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Background: The breeding time of many species has changed over the past 2-3 decades in response to climate change. Yet it is a key reproductive trait that affects individual's parturition time and reproductive success, and thereby population dynamics. In order to predict how climate change will affect species' viability, it is crucial to understand how species base their reproductive efforts on environmental cues. Results: By using long-term datasets of mating behaviours and copulation dates recorded since 1996 on a semi-domesticated reindeer population, we showed that mating time occurred earlier in response to weather conditions at different key periods in their annual breeding cycle. The mating time occurred earlier following a reducing snow cover in early spring, colder minimum temperatures in the last 2 weeks of July and less precipitation in August-September. Conclusions: The mediated effect of a reduced snow cover in early spring on improving individuals' pre-rut body weight through a better availability of late winter food and reduced costs of locomotion on snow would explain that mating time has occurred earlier overtime. A lower level of insect harassment caused by colder maximum temperatures in July might have caused an advance in mating time. Less precipitation in August-September also caused the mating time to occur earlier, although the direct effects of the last two weather variables were not mediated through the pre-rut body weight of individuals. As such, the causal effects of weather conditions on seasonal timing of animals are still unclear and other mechanisms than just body weight might be involved (e.g. socio-biological factors). The plastic response of reindeer mating time to climatic variability, despite supplemental feeding occurring in late April, demonstrated that environmental factors may have a greater influence on reproductive outputs than previously thought in reindeer.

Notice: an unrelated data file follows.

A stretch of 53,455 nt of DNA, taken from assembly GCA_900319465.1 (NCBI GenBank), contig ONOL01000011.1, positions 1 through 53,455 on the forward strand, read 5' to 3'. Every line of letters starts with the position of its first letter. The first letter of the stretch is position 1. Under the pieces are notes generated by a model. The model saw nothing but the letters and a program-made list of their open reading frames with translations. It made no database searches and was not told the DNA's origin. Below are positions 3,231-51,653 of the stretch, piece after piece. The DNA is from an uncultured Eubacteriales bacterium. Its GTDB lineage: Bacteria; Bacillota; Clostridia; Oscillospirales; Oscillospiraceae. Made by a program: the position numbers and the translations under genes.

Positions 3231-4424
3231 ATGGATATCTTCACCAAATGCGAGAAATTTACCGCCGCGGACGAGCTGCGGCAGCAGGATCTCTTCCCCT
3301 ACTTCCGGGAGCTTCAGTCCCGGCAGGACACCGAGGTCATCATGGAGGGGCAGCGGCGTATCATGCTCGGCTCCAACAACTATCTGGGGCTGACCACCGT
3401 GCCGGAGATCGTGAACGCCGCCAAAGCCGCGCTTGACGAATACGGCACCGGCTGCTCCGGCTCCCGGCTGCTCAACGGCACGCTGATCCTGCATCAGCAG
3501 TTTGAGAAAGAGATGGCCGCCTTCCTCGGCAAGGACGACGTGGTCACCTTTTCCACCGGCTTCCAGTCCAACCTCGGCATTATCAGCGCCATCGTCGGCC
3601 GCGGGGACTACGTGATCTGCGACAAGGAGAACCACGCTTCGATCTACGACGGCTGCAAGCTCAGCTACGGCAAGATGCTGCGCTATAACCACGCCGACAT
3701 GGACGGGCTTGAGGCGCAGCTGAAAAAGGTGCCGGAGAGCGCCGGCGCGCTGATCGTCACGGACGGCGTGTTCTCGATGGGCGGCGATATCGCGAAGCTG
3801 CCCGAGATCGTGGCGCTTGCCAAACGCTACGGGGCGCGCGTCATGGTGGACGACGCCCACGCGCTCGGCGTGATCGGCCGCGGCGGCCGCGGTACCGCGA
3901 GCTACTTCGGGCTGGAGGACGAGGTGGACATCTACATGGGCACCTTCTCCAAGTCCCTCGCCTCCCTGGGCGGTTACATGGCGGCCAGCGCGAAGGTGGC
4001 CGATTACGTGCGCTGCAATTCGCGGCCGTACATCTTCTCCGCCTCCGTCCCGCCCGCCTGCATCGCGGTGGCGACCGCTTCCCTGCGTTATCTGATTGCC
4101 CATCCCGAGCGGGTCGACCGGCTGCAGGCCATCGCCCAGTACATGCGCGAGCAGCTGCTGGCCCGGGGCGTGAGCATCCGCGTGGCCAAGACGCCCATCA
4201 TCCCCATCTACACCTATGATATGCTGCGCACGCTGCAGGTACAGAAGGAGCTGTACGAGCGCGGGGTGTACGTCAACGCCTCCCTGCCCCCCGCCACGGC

Paoli, A., Weladji, R. B., Holand, Ø., & Kumpula, J. (2020). Response of reindeer mating time to climatic variability. BMC Ecology, 20(1). https://doi.org/10.1186/s12898-020-00312-8